The crisis in the Northern Provincial Council (NPC), overshadowed by a relay of court cases which showcased the gravity of the internal power struggle, has prevented the Board of Ministers of the NPC from functioning and serving its people for months while turning the place into a ‘ghost house’.
The Sunday Observer spoke to two of the main characters in the evolving drama to shed some light into the problem which is most unlikely resolved before the five year term of the NPC comes to an end in October 2018.
Excerpts of the interviews:
Q: The term of the Northern Provincial Council is due to expire in September 2018. But the elections to the PCs are being delayed since the delimitation report is yet to be passed in Parliament. What is your take on this development?
It is going to be unfavourable to the Tamil-speaking people. The elections must be held without delay for the Provincial Councils. Otherwise, power will pass on to an unelected Governor as it is, whose penchant for Buddhist domination if not Sinhala in the North and East is known. Already Buddhist Priests are putting up two Buddhist Vihares in Kokkilai and Nayaru in the Mullaitivu District without local government permission or approval. They are backed by the Armed Forces. Add the Governor to the list and we would lose all freedom in these areas of the North and East. Like how Manal Aru became Weli Oya. There would be many Tamil areas being rechristened within a short time.
The elections may even get postponed up to the time of General or Presidential elections. There are criticisms already emanating from the East. They say the female of the species is more dominant than the male. Unless a way out is found for those representing the wills and minds of the people of the Northern and Eastern Provinces, to run the affairs of those Provinces until Provincial Council Election, we are done for. Even Tamil Governors replacing the present ones unless they are indigenously ingrained and unselfish could pose a threat to the well being of the people of the North and East in the long run.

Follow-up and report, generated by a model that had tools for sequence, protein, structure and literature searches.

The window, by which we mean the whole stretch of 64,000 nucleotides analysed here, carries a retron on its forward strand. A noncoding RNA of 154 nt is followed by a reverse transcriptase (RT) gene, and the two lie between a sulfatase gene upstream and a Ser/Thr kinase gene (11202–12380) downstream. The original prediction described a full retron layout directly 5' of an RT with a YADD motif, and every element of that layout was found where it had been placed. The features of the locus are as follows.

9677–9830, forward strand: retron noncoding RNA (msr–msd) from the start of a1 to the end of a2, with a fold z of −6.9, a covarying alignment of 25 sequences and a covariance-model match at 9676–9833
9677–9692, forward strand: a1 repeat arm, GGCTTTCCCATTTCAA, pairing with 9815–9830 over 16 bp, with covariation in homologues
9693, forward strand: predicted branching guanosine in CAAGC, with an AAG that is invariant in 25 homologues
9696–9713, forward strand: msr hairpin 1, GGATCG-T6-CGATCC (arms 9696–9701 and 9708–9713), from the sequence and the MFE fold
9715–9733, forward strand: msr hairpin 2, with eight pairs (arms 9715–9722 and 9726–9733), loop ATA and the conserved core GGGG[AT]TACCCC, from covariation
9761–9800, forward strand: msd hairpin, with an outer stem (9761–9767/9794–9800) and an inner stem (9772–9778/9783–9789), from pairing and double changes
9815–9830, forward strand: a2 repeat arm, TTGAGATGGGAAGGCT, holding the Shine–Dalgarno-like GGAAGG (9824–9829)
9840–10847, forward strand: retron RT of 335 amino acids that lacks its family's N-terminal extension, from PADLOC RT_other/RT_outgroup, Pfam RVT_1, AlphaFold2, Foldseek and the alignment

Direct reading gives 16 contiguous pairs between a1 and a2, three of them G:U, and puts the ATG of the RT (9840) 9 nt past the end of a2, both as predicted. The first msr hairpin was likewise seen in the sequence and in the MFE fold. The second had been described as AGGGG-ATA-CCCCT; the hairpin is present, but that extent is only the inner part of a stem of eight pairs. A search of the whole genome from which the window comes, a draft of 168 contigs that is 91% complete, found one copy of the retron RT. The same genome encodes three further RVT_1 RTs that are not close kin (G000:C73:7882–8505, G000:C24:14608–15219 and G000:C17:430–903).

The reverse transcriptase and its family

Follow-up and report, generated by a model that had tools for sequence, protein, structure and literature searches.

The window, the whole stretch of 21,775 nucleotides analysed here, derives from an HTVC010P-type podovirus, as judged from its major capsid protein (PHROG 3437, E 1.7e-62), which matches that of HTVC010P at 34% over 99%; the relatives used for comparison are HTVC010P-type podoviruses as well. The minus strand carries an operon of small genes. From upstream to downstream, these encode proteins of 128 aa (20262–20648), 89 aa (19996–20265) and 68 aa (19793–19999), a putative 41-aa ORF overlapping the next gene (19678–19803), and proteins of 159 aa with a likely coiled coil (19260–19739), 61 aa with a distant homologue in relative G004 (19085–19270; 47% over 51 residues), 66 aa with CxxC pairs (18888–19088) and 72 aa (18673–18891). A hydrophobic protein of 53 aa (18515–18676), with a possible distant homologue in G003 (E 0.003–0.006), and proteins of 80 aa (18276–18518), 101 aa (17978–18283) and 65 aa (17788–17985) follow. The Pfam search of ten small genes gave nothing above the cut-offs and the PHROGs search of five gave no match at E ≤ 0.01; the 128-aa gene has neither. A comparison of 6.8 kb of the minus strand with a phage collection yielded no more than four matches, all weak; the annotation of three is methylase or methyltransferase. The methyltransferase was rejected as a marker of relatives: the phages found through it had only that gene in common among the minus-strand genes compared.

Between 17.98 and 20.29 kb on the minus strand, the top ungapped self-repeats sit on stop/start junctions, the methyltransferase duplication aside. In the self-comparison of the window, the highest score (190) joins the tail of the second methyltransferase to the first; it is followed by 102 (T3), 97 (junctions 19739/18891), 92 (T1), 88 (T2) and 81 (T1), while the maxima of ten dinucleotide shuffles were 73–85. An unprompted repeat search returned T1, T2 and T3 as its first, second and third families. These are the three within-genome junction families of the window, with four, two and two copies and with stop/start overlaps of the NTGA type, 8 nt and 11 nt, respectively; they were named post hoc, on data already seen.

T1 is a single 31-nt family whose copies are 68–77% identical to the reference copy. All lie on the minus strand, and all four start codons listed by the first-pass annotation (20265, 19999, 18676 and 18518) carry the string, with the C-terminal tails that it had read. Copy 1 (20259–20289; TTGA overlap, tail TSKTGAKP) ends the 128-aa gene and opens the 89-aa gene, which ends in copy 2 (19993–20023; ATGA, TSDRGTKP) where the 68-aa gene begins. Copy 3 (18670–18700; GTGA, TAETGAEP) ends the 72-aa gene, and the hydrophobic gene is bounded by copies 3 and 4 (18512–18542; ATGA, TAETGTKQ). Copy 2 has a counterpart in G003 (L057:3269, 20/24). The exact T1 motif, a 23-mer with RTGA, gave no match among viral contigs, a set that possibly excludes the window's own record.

Q: Would you or have you already discussed or made any representations to the authorities concerned about extending the term of the NPC? If not how could you ensure that the matters of the Northerners are looked after beyond September?
That is precisely our problem. Since we came into office, except for Mr. Pallihakara, a retired Civil Servant of stature, the military man and the politician have not maintained due impartiality and human concern for the people of the North empathising with their concerns and considerations. I have not discussed any extensions as such except to voice our concern.
Q:There are rumours that the funds from the Consolidated Fund to the NPC will have to be returned since the end of term of the Council is very near and also because there had hardly been any development projects initiated by the NPC. Your comments?
Development proposals/Projects are implemented by the Secretaries of Ministries and Heads of Departments. You cannot say we have hardly initiated development projects. All matters before our officers are projects or development proposals. Politicians and Provincial Councils may come and go but the officers will be there forever. Once the projects/proposals are taken in, they will see that they are completed by the end of the year. Funds will never be returned and the projects/proposals will be implemented fully. It seems the person who had asked you to pose this question doesn’t know anything about administrative procedures and how development works are implemented. Have no fear. NPC never returns money to the Centre because we hardly get sufficient money to return.
Q:There are allegations against you that you are purposely trying to scuttle the functions of the NPC to show that the 13th Amendment is a futile piece of legislation, without even giving it a fair try. How would you respond?